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[262] 1,500 men. It was night before I got the train and prisoners on the way. We bivouacked on the battlefield, and early the next morning moved up the Saline river on hearing that a Federal train was then en route from Princeton to Little Rock. I continued for several days (Tuesday, Wednesday and Thursday) attempting a crossing of the Saline, but without success. The rumor of the Federal train proved incorrect. The river [Saline] was swimming at every point, and on arriving at the last crossing, before getting to the military road, and finding it utterly impossible to cross there (Pratt's ferry), I moved out on the Princeton and Benton road, where I remained Thursday night, within 25 miles of Princeton, and until after 7 o'clock the next morning, hoping to hear something from district or department headquarters, as I had several days before dispatched to district headquarters my route.

Hearing nothing of the evacuation of Camden on Friday morning, and being entirely without forage and subsistence, I moved out toward the Ouachita, at the only point where anything of forage, etc., could be had, between Princeton and Arkansas river. Just before midnight, when 34 miles from Jenkins' ferry, I received a dispatch stating that the enemy was marching on Little Rock, and was within 8 miles of Jenkins' ferry. I at once ordered everything put in readiness and, by the time that I could see the road, moved as rapidly as the animals could travel for the scene of action on the 30th. On my arrival, the fight had just closed. Being ordered by General Smith to do so, I ordered a part of Shelby's brigade forward. They reached the ferry, where further pursuit was impossible.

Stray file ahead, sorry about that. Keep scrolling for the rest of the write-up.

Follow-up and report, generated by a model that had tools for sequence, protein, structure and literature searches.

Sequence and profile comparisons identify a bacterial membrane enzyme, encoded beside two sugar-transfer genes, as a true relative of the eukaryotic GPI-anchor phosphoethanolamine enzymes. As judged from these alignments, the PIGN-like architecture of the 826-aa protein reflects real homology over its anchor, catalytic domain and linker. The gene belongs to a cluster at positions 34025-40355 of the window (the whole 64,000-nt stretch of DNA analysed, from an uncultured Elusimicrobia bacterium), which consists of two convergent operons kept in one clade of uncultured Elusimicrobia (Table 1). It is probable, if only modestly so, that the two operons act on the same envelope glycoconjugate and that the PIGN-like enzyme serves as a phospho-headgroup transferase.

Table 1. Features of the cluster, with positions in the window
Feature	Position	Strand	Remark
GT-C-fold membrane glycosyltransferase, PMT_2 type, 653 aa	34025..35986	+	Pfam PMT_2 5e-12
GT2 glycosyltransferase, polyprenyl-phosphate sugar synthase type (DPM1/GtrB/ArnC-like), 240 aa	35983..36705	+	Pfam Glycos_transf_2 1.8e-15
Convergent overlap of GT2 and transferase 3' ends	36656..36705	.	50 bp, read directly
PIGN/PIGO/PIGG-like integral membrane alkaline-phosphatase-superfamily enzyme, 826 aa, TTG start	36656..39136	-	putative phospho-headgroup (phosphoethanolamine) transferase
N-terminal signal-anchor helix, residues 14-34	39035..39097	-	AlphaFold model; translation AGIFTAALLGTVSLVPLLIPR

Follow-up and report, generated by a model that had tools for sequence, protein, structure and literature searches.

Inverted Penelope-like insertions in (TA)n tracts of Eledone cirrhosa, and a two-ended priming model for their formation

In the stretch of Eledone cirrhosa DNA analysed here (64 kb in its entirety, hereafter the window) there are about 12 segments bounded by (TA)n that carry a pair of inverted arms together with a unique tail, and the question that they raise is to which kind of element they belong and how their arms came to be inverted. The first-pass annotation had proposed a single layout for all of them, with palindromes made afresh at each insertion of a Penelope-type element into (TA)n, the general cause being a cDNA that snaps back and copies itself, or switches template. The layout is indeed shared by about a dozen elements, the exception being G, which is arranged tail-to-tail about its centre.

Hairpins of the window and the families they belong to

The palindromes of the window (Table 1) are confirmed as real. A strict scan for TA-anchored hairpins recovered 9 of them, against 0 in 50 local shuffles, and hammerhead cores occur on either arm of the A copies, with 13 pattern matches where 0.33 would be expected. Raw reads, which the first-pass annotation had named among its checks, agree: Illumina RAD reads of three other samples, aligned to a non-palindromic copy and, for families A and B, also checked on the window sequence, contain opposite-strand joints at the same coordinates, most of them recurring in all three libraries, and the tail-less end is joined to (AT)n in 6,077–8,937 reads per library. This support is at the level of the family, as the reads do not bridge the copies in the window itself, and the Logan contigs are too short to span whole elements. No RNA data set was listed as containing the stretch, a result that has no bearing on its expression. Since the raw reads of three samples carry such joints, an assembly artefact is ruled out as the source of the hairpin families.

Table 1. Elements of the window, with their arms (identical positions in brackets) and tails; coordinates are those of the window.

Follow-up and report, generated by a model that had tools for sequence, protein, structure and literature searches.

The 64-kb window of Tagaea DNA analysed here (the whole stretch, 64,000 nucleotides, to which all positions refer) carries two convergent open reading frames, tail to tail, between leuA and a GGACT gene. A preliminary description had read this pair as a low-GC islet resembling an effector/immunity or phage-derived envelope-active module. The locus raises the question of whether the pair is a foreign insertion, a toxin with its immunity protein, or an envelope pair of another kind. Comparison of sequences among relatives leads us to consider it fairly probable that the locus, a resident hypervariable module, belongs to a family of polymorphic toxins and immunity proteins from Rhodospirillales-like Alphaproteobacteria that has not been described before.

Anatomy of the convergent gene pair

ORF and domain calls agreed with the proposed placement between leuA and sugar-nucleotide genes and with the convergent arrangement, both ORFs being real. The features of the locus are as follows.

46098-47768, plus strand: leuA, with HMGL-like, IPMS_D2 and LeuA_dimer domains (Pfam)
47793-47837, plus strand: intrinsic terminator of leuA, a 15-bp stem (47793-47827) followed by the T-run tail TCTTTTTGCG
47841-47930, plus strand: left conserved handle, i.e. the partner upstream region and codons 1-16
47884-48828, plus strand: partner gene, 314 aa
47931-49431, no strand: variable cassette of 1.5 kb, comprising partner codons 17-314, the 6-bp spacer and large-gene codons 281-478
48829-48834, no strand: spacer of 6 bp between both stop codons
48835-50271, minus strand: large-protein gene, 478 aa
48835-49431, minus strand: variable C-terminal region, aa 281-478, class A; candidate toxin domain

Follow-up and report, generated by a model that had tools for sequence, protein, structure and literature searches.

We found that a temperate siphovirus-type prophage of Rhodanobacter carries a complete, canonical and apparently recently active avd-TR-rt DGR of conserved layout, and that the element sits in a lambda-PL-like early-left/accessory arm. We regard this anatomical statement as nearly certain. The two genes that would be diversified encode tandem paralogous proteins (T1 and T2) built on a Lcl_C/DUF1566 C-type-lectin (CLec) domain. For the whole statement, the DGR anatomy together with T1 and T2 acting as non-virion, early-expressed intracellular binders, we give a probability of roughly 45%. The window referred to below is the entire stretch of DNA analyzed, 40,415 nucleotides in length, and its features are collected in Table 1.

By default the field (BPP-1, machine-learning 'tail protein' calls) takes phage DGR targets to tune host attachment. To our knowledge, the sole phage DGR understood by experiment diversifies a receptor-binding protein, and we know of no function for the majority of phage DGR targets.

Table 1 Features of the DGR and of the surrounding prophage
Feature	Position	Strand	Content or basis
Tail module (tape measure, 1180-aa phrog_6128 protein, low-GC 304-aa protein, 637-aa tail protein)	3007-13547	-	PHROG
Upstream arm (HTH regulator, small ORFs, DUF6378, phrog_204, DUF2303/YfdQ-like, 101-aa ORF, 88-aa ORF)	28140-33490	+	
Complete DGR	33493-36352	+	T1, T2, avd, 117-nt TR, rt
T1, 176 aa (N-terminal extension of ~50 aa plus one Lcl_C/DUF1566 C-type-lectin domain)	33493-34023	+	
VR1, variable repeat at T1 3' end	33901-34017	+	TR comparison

The statement of the chief quartermaster of Steele's army, as to the wagons and mules captured and destroyed in the expedition, shows: ‘Total number of wagons captured by the enemy, 298; total number of wagons burned during engagements by the enemy's projectiles, about 90; total number of wagons destroyed by orders, 247; total number of wagons missing, 635; total number of mules captured, about 2,000; total number of mules lost and abandoned, about 500; total number of mules missing, about 2,500.’

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Charles A. Jenkins (2)
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